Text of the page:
Tyler Kennedy – B
Mr. Kennedy has shot the puck 124 times this season. 120 of those were from the exact same spot on the ice. If you’ve ever watched a Penguins game in your life, you know the exact spot I’m referring to. Kennedy has largely filled Talbot’s role as the spark-plug of the team.

Kennedy Owns the Left Circle.


Alex Goligoski and Kris Letang – B
Goligoski has taken some flack lately while Letang has been praised. Oddly, Goligoski actually has more points (23) than Letang (19) while playing in three fewer games. Truth is, both young defensemen have had solid, sometimes inconsistent seasons. “Goose” needs to find the confidence to shoot the puck, especially on the struggling power play (his meager 62 shots on goal are less than Mike Rupp’s 64), while Letang must cut down on needless giveaways (he’s third on the team with 36).

The rest of the defense – B+
Mark Eaton, Jay McKee and Brooks Orpik are about as sexy as Paula Deen in pajamas, but they get the job done right. The Penguins are fifth in the NHL in blocked shots because of the fearlessness of this triumvirate. McKee alone has stepped in front of 122 pieces vulcanized rubber this season.

Young Jay McKee with the haircut that defined the 1990s.


Mike Rupp – B+
6’5”. 230 pounds. 11 goals. Makes less than $1 million per season. And guess who leads the team in mitten dropping? Not Godard, but Rupp. Another brilliant Ray Shero acquisition.

Jordan Staal – A-
Despite being only 21 years old, and despite going up against the opposition’s top line every game, Staal has been the Penguins’ best defensive player. His phenomenal penalty killing prowess makes him a contender for the Selke trophy, the NHL’s award for the forward who demonstrates the best defensive game. He is a big deal. His Wikipedia entry is even listed above all of his brothers on Google. Eat it, Eric.

Matt Cooke – A
The best instigator/agitator in the NHL, bar none. In October, he nearly made the New York Rangers’ pretty boy Sean Avery cry on the ice. In fact, you can read all about why Cooke is Awesome with a capital A in the February 2010 issue of Pittsburgh Magazine, on newsstands now.

Buy it.


Pascal Dupuis – A
Outside of Sidney Crosby, no one on the team has more hustle than Dupuis. He plays every game like it’s his last and has been rewarded for his sweat equity with 12 goals, matching his output for all of last season. Naysayers—and there were many—shouldn’t be surprised. Doopers wears his heart on his sleeve and the team on his back.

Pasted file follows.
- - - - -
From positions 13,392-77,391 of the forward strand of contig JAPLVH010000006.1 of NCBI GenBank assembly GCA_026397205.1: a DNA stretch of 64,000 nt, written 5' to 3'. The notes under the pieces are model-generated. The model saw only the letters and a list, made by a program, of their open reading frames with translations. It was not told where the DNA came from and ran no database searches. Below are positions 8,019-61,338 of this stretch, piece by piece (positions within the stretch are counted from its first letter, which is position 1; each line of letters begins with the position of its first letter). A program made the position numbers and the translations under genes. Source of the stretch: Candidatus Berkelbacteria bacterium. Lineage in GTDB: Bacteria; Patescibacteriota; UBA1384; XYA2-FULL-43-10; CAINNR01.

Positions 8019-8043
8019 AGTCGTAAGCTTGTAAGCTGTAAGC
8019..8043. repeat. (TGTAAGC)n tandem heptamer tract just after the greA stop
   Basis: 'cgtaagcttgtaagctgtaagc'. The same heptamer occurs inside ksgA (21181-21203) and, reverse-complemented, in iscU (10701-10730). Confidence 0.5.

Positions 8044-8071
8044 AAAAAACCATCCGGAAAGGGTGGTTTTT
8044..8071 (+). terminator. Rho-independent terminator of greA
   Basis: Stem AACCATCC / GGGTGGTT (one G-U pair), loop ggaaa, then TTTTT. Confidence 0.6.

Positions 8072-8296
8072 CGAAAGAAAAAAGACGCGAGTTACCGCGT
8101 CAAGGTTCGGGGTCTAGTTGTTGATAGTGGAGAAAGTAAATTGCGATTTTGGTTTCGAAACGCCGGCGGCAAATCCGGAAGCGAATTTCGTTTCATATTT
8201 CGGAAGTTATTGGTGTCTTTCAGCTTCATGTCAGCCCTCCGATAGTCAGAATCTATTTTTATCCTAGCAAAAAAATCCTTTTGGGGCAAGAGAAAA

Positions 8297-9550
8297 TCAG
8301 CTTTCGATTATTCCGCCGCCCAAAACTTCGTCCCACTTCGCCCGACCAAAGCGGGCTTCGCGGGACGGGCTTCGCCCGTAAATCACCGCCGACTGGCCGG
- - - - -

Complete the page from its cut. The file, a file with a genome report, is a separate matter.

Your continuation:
Bill Guerin – A
Dollar for dollar, Guerin might be the best value in the NHL. 16 goals for a 39-year-old? And an awesome mustache to boot? This is the stuff Disney/Burt Reynolds movies are made of. If he had decided to go for more money and jet for greener pastures this off-season, the Penguins might be heading into the Olympic break fighting for a playoff spot. Instead, they’re sitting comfortably in fourth place because of his superhuman production. No one is more thankful for Billy the Kid than…

Sidney Crosby – A+
Forget the goals for a second. Yes, Crosby has scored 33, good for 3rd in the NHL. However, nothing speaks more to Crosby’s leadership and will to win than the work he put in this off-season to improve his performance in the face-off circle. In his first four seasons, faceoffs were the one weak spot in Crosby’s otherwise flawless game. This season, Sid is ninth in the league in faceoff percentage (57.3%).

Crosby could have taken it easy during summer vacation after winning the Stanley Cup, but he did his homework instead. His commitment to the game is relentless—his leadership and hard work in practice infectious. With a strong finish, he will be a candidate for his second Hart trophy, the NHL’s regular season MVP award, in four years. How do you win the Hart? It’s right there in the name.

As Sid knows, success is all about putting in the work when no one is looking.


Categories: Pulling No Punches